Revisiting skill-based coaching methods for optimal development and performance

USA Hockey

Malcolm Sutherland

Malcolm Sutherland is a coach, physical educator, sport pedagogist, and SME in sports development, sports safety and injury prevention. As an athlete and player safety expert Malcolm has developed prevention tools and a program to control serious injury in sport.

He is a Chartered Professional Coach holding designation with Coaches of Canada. In hockey specifically, Malcolm is now active as a sought after development coach working internationally and nationally. Malcolm has coached at every level from professional minor leagues, varsity as well as junior and AAA levels of minor hockey.

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Are our coaching methods cutting edge, or are they status quo?
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The pandemic and the “pause in play” have given us coaches time. Time to self-reflect on our coaching methods, and time for us to critically evaluate how we are coaching, training, and teaching.

Are we using the best techniques possible as coaches required for the modern game and contemporary player/athlete?

Are our coaching methods at or near the cutting edge, or are they status quo, or just borrowed from what we remember when we played?

Is our coaching process matched to the best possible quality outcomes for the player and the game?

We will all have a plus/minus when it comes to these questions. But, I think the exciting thing is the self-analysis.

Critical reviews of ice hockey coaching methods suggest that most coaches tend to instruct, teach and lead using antiquated methods. This coaching lags at least a decade behind current methods and the techniques and approaches utilized are neither progressive nor particularly linked to athlete needs and the modern athlete. Furthermore, the methods most frequently used appear to be rarely associated with advancements in sports science. The incredible advancements over the last decade in the fields of learning, motor development, skill acquisition/mastery, as well as innovations in equipment, technology, and exercise physiology have been incredible. To miss the application of these innovations is an incredible oversight in coaching.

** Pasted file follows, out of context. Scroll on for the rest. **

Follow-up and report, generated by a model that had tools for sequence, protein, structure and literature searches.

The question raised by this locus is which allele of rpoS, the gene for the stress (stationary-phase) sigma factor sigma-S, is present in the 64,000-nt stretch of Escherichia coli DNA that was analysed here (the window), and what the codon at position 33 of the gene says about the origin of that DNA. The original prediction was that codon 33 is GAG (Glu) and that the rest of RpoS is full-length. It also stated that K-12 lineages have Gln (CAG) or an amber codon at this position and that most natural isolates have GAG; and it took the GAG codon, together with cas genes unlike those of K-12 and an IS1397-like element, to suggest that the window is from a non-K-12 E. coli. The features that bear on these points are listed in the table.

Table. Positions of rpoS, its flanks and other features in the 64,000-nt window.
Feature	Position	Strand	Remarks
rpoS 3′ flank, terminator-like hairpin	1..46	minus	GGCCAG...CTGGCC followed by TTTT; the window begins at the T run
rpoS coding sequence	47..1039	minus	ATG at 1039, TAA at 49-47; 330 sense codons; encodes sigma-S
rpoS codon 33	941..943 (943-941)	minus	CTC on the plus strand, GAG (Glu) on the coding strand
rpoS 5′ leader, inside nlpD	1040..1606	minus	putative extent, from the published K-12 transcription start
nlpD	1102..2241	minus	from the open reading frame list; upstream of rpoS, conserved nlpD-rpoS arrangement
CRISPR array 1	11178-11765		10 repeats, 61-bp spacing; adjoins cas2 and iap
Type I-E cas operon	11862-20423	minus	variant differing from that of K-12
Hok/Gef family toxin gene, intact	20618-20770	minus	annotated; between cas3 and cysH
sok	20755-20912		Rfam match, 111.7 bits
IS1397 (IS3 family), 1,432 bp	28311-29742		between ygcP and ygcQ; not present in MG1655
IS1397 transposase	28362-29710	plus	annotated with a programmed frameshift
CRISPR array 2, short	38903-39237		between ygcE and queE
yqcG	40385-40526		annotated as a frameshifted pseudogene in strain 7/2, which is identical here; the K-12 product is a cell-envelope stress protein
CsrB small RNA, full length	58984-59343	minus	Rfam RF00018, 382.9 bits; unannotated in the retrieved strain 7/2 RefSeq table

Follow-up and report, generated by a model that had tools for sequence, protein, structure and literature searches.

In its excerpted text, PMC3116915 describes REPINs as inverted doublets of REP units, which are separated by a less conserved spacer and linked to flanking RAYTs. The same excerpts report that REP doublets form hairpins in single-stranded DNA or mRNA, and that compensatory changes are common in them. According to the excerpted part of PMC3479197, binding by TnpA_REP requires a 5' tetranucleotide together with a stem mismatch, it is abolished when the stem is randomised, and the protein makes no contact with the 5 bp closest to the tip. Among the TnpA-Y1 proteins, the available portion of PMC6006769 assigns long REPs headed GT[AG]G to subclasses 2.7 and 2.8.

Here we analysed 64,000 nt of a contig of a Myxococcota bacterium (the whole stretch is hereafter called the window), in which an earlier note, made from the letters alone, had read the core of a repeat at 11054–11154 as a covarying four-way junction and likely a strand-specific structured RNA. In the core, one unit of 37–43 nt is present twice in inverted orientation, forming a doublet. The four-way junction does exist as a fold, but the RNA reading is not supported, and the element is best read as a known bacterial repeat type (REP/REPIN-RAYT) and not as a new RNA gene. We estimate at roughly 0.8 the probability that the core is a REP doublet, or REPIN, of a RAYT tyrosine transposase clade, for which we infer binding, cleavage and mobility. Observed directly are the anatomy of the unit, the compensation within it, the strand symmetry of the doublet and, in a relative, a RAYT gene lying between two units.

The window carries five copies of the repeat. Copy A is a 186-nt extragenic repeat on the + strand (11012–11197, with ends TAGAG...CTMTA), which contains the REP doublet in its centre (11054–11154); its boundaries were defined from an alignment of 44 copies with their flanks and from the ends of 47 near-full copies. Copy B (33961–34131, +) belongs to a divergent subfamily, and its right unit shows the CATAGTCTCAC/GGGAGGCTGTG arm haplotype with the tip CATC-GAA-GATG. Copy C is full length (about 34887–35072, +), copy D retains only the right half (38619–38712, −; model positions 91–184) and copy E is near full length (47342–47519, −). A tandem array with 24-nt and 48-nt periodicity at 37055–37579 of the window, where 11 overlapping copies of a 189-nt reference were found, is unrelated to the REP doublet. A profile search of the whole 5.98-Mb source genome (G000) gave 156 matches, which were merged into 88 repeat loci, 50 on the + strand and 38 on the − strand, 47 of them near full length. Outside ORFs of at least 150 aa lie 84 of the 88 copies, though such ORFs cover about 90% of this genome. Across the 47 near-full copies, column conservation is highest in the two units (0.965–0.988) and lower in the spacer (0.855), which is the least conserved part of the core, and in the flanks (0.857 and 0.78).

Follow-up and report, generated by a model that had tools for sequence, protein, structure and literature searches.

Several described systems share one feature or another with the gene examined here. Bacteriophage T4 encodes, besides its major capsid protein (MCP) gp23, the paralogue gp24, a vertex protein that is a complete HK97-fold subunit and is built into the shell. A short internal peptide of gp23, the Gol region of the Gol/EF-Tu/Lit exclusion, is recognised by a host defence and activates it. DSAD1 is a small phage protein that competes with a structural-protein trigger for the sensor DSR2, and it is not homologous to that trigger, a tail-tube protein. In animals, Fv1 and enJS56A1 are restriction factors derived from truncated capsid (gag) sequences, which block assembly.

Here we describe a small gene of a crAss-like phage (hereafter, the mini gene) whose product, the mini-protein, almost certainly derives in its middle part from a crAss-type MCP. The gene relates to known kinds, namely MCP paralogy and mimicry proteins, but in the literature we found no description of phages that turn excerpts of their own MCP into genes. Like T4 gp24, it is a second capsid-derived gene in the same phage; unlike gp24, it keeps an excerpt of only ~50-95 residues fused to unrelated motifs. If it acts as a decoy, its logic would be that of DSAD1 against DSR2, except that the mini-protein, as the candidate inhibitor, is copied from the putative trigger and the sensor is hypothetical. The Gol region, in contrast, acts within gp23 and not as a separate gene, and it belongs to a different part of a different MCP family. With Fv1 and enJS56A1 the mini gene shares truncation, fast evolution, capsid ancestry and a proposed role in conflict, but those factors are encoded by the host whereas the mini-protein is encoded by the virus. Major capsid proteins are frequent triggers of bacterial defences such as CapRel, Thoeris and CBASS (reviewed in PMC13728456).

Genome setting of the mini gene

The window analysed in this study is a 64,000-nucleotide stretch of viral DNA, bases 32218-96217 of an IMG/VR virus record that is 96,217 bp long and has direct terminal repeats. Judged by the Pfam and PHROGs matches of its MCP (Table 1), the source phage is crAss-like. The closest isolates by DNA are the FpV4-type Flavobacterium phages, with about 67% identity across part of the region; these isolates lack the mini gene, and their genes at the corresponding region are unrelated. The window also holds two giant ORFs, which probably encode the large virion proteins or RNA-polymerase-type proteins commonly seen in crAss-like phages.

A deep(er) dive into how and what we coach, in terms of biomechanics and skill development, suggests ice hockey coaches regularly undervalue work with the general basic movement skills of their athletes. Instead, we favour the more complex and distinct or sport-specific tactical practice. We also choose to rush into performance “outcomes” rather than get into the dirty areas concerning basic movement skills and movement efficiency.

The results are clear. Players that are observably physically illiterate and suited to role-playing and inevitable performance ceilings. These players are not good movers and struggle to be adaptable and versatile. Especially as their role assignment changes as they age or as they face reclassification because a talented rookie is just a bit better.

In other critical analysis, we coaches, strength trainers and development coaches may also be letting players off easy. Scientific data provide examples of comparisons between ice hockey players and other high-performance athletes. Ice hockey’s performance measures fail to measure up in terms of relative and absolute strength, muscular endurance, cardiovascular fitness and even mobility. So in our attempts to compete, when we coaches ask for high-level performance capacity we don’t have a lot of horsepower to work with.

Cutting-edge sports science is pointing us to the fact that “…a good mover (with good capacity) is a good player.” And just as this precept suggests, we need to establish, practice and refine applicable basic movement and fitness skills as a priority in player development. In fact, the science tells us that as players establish basic movement skills they more efficiently and comfortably advance into less error-laden sport-specific actions. And they have the ability for more consistent, reliable and stable performance. Evidence from this body of science also suggests that when basic movement skills and coordinated or linked segmental movement abilities are nurtured – in practice and training; and when they are rehearsed and acquired foundational sport-specific skills and their tactics can become automated and adaptable. For example, complex techniques and tactics like linear and asymmetrical skating, puck control and protection and pressure checking skills display a natural quality and appear instinctive…at least to the layman’s eye.